Tag Archives: Break (work)

Is Your Company’s “Flexible Scheduling” Policy a Violation of Wage and Hour Law?

Contributed by Amanda Biondolino, October 25, 2017

An employer who allows its employees the “flexibility” to self-schedule time off the clock must make sure that it is paying its employees for all time worked. And beware, under the Fair Labor Standards Act (FLSA), “hours worked” is not limited to only that time an employee spends performing his or her job duties. Short breaks of twenty minutes or less are also counted as hours worked and must be paid.

The Third Circuit Court of Appeals recently held as a bright-line rule: Where breaks of twenty minutes or less are in question, the time must be paid. The court adopted the U.S. Department of Labor policy rationale that “breaks of twenty minutes or less are insufficient to allow for anything other than the kind of activity (or inactivity) that, by definition, primarily benefits the employer.” There will not be a factual analysis, or a case-by-case determination. Simply stated, if an employee is at the worksite, and is taking time away from their work-related duties for twenty minutes or less, they must be compensated for that time.

In the case decided by the Third Circuit, the employer did not deny that it permitted its call-center employees to log off their computers and use their time free from any work related duties, but it refused to call those time periods “breaks.” Rather, the employer considered it part of a “flexible time” policy, in which employees could take an unlimited amount of unpaid time away from work at any time, for any duration, and for any reason.

The court rejected the employer’s attempt to characterize time in a way that deprived employees of rights they were entitled to under the FLSA and considered the time an employee spent logged off the computer as a “break.” The employer violated the FLSA by not compensating employees for breaks that lasted twenty minutes or less.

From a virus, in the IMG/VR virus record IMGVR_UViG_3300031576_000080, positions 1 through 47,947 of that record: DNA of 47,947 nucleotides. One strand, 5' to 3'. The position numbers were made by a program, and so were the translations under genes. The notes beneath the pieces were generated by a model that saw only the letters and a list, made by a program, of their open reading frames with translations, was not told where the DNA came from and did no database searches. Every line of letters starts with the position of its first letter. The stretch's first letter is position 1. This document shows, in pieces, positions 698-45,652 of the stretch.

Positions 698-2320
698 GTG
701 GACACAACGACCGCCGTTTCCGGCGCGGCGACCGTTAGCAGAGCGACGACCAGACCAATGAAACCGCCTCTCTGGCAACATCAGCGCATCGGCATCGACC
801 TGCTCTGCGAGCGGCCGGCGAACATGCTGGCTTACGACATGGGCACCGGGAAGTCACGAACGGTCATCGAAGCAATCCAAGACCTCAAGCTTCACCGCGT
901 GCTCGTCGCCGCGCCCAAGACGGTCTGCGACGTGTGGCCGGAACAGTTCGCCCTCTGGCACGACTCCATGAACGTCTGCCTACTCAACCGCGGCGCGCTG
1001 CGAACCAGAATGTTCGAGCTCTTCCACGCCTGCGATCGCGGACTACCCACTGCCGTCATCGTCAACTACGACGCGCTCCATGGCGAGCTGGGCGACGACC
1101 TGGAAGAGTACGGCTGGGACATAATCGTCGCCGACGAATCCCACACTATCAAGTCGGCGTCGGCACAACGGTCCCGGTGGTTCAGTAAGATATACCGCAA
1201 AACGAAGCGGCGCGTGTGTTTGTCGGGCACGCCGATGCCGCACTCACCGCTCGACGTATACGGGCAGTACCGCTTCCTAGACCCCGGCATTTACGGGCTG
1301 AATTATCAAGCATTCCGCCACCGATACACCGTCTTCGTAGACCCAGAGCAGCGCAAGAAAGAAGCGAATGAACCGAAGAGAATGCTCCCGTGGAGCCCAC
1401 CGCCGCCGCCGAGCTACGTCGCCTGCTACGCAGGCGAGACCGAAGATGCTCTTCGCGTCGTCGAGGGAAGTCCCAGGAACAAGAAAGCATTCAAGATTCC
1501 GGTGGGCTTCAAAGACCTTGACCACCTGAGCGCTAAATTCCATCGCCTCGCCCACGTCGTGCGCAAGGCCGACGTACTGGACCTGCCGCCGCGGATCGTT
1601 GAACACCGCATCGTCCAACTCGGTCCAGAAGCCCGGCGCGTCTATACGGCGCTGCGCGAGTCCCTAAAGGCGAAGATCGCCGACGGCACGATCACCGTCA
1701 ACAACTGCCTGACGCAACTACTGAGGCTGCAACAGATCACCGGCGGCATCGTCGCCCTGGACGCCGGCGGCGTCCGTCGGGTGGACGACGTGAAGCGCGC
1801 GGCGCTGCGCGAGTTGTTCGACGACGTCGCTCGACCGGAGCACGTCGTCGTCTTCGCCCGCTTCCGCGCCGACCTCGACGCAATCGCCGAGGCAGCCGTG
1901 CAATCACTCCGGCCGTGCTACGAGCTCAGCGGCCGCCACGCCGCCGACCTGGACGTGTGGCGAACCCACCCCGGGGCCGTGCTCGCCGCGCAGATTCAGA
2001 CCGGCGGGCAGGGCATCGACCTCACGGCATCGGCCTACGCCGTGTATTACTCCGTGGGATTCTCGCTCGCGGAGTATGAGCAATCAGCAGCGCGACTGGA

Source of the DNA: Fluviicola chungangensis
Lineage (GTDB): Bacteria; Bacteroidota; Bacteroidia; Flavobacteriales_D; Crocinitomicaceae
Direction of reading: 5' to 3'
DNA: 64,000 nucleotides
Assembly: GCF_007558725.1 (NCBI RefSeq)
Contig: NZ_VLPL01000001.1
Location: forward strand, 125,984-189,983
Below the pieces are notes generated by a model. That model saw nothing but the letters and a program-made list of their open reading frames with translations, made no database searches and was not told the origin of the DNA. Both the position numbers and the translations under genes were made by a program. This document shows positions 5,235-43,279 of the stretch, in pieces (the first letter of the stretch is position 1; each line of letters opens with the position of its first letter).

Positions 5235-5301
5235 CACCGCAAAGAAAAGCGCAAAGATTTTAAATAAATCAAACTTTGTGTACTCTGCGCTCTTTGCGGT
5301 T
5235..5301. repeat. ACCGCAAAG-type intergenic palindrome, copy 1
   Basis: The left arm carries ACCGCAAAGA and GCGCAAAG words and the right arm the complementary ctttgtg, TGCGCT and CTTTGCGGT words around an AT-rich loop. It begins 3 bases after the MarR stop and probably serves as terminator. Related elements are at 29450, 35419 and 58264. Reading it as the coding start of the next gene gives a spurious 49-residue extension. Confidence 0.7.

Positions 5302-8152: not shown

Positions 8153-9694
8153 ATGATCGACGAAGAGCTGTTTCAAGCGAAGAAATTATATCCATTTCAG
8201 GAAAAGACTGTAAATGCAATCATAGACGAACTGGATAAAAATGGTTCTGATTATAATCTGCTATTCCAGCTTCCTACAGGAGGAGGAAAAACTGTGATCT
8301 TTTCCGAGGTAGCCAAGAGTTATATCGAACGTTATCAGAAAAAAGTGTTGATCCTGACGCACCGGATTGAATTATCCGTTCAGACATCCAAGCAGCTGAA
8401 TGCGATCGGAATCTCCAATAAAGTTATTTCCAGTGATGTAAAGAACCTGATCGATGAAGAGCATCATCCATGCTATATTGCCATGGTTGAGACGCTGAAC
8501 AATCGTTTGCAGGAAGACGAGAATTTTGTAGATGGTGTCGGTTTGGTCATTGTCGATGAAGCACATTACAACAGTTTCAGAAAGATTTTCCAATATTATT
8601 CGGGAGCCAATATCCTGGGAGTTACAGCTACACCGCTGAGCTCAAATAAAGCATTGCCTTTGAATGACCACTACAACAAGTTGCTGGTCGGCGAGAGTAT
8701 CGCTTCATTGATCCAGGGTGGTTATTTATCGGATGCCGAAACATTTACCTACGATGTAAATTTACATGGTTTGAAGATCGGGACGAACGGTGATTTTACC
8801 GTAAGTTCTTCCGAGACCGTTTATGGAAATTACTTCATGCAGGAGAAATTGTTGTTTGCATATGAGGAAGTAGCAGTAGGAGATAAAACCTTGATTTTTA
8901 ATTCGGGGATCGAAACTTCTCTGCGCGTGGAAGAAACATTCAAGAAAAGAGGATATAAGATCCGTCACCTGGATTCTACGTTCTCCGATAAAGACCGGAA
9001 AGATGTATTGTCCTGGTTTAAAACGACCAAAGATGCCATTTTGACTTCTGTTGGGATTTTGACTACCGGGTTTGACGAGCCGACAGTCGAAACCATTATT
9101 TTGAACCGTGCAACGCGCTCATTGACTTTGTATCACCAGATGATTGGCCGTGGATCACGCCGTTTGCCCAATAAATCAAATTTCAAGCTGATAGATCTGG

Bottom Line: This is a reminder to employers that all policies and procedures should be vetted by experienced labor and employment counsel. In addition, all time worked including break periods should be accurately recorded, not only to comply with the record-keeping requirements of FLSA, but to document any abuse.

Employers should also keep in mind that some states may have their own break requirements that employers in those states must follow. Therefore, it is imperative that employers review their break policies and check applicable laws to ensure compliance with both federal and state law.

Although federal wage and hour laws do not generally mandate employee breaks, and state laws may vary, a strict policy that forces employees to choose between getting paid and basic necessities such as using the restroom runs contrary to “humanitarian and remedial” purpose of the act and will violate the law. These kinds of short breaks must be compensated. The FLSA and corresponding state wage and hour laws are designed to protect employees, and will be liberally construed.

 

 

Fee Fi Fo Fum: CA Supreme Court Ruling Precludes Award of Attorneys’ Fees for Prevailing Party in Meal/Rest Break Claims

Contributed by Beverly Alfon

Last week, on the heels of the Brinker decision (which requires employers to make meal breaks available to their employees, without the burden of ensuring that employees take such breaks), the California Supreme Court ruled that a prevailing party cannot collect attorneys’ fees after winning a meal or break dispute under the California Labor Code. 

In Kirby v. Immoos Fire Protection, Inc., the defendant employer was the prevailing party on a claim for alleged violations of the Labor Code section 226.7, which governs employee rest breaks.  As the prevailing party, the employer sought to recover its attorneys’ fees under section  218.5 of the Labor Code, which provides for recovery of fees by “the prevailing party” in “any action brought for the nonpayment of wages, fringe benefits, or health and welfare or pension fund contributions.”  The trial court awarded attorneys’ fees to the employer.  The appellate court upheld the award of attorneys’ fees to the employer on the rest break claim.  However, the California Supreme Court reversed.

The court considered two questions: (i) whether meal/rest break claims fall within section 1194 (fee shifting provision) and, if not, (ii) whether section 218.5 authorizes an award for meal/rest break claims.